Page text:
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Our Alumni.

THE STATE NORMAL DIRECTORY.

The Board of Regents. HON. M. F. KNAPPENBERGER, President........

Jewell City HON. J. S. MCGRATH, Vice President

Saltville HON. JOHN MADDEN, Secretary

.Emporia HON. S. H. DODGE, Treasurer

Beloit HON. J. H. RITCHIE...

.Cherryvale HON. J.S. WINANS

Manchester The Faculty. ALBERT R. TAYLOR, Ph. D., President

928 Union Psychology and Philosophy of Education. JASPER N. WILKINSON, Secretary....

832 Merchants Director in Training. MIDDLESEX A. BAILEY, A, M.

218 West Twelfth Avenue

Mathematics. JOSEPH H. HILL, A. M.

1515 Highland Place

Latin. M'LOUISE JONES, A. M.

909 Mechanics

English, WILLIAM C. STEVENSON

.....1017 Mechanics Bookkeeping and Penmanship. EMMA L. GRIDLEY......

728 Merchants

Drawing. CHARLES A. BOYLE, B. M.

827 Constitution Voice, Piano, and Harmony. CORA MARSLAND, O. M.

.813 Mechanics

Elocution. MARY A. WHITNEY

827 Market History United States. ACHSAH M. HARRIS

827 Mechanics Critic Teacher, Model Intermediate. OSCAR CHRISMAN, PH. D.........

.1013 Market History of Education, and Economics. DANIEL A. ELLSWORTH

..727 Merchants

Geography. L. C. WOOSTER, Ph. D....

1017 Union Natural History. T. M. IDEN, Ph. M....

..........913 Union Physics and Chemistry. MAUDIE L, STONE, S. B...

.728 Merchants Physical Training. EVA M'NALLY...

714 Merchants Associate Professor, English. ELI L, PAYNE, B. P.

.1218 Neosho Associate Professor, Mathematics. MRS. HATTIE E. BOYLE, B. M.

827 Constitution Associate Professor, Piano and Theory. ANNA L. CARLL

1002 Market Assistant Teacher, Model Grammar. HATTIE E. BASSETT..

724 Merchants Assistant Teacher, Elocution. ELVA E. CLARKE

1025 Constitution

Librarian. MARTHA J. WORCESTER.

.906 Mechanics Assistant Teacher, English, MAUD HAMILTON....

1002 Market Assistant Teacher, Latin and Pedagogics. MARY S. TAYLOR

.312 West Twelfih Aveuue Assistant Teacher, Mathematics. LOTTIE E. CRARY

1315 N. Merchants Assistant, Natural History.

.1316 Market Assistant, Physics and Chemistry. ISABEL MILLIGAN

312 West Twelve Avenue Assistant Critic Teacher, Model Intermediate. JENNIE WHITBECK, B. P.

.1028 Congress Assistant, Model Department. HATTIE COCHRAN

1315 North Merchants Manuscript Assistant, English. E. E, SALSER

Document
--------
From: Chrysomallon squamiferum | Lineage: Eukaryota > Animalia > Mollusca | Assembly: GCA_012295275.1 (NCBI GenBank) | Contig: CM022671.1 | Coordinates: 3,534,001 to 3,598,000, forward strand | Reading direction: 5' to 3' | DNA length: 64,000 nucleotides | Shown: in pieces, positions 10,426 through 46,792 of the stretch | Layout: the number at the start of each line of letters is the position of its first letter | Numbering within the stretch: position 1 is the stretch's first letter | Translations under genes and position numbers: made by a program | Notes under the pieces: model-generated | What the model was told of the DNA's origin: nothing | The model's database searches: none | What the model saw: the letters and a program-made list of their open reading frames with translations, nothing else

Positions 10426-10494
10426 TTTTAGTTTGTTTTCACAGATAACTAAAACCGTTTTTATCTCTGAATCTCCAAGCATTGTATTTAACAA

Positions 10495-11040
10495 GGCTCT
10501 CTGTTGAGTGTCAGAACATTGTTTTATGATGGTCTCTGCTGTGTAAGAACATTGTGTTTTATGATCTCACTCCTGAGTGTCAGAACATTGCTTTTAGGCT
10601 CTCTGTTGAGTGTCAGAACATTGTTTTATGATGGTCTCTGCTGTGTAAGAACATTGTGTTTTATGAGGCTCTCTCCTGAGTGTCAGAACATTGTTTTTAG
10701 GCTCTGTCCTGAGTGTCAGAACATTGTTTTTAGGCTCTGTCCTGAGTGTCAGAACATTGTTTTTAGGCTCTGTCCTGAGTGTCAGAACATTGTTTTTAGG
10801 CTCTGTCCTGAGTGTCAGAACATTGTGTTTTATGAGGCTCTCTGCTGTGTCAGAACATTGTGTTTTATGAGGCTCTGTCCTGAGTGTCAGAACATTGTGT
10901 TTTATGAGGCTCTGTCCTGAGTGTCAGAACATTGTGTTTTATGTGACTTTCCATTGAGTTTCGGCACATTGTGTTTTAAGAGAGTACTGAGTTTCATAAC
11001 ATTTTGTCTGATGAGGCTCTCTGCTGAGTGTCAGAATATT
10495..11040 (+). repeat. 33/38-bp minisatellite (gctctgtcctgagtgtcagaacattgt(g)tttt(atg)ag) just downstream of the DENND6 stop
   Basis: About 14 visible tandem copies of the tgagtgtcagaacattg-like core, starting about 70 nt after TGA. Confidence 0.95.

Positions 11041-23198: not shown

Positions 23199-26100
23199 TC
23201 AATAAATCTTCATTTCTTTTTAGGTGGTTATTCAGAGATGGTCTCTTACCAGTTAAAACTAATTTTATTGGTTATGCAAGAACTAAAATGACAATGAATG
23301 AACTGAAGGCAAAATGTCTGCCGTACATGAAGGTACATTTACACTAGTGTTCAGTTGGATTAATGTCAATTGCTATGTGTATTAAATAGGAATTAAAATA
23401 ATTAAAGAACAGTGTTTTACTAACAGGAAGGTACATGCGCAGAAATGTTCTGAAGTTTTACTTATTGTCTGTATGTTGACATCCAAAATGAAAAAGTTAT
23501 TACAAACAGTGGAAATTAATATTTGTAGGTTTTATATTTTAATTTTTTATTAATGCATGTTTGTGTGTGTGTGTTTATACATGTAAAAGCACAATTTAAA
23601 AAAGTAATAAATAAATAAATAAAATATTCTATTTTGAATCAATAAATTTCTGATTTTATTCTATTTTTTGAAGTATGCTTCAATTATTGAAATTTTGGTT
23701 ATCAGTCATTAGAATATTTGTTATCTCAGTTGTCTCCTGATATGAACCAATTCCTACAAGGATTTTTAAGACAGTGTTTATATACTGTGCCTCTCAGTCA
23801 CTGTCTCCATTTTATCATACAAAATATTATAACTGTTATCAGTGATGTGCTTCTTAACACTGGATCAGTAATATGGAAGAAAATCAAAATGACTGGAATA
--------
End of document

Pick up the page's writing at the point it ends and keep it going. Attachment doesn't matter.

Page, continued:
.1028 Congress Assistant, Bookkeeping and Penmanship. CHARLINE P. MORGAN

...617 Exchange Model Primary and Kindergarten. WILLIAM S. PICKEN

717 Mechanics Assistant Teacher, History. FREDERICK B. ABBOTT, Ph. D.

1015 Constitution Manual Training. WILLIAM G. BUTLER

827 Mechanics Violin, Mandolin, Guitar, and Banjo. E. ANNA STONE

.1315 North Merchants Second Assistant in Piano. EDWARD ELIAS..

...823 Mechanics Assistant Teacher, German and French. ALLEN S. NEWMAN...

1013 Merchants Office Secretary. PEARL STUCKEY..

422 Market Stenographer, NELLIE STANLEY..

1123 Congress Assistant, Library and Office. BESSIE KNAPPENBERGER..

312 Neosho Assistant, Library.

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WILLIAM A. VANAVORIS,

ARTHUR POWELL DAVIS, CLASS OF '82. Mr. Davis was born in Macon county, Illinois, February 9, 1861. He is a graduate of the Junction City high school and of the State Normal School of Kansas. Immediately after graduation he accepted an appointment as assistant topographer on the United States geological survey. He was promoted to full position in 1884, and for ten years was almost exclusively engaged in geodetic triangulation and astronomical work and topographic mapping, covering large areas in Northern New Mexico, Arizona and Southern California. By putting in odd hours, at night sessions, he completed the course for the degree of bachelor of sciences in the Corcoran Scientific School in 1888. In 1894 he was assigned to duty in the division of hydro• graphy, and for a year and a half travelled almost constantly through the arid regions establishing stations for stream measurement and investigating various hydrographic problems, inspecting irrigation works, etc.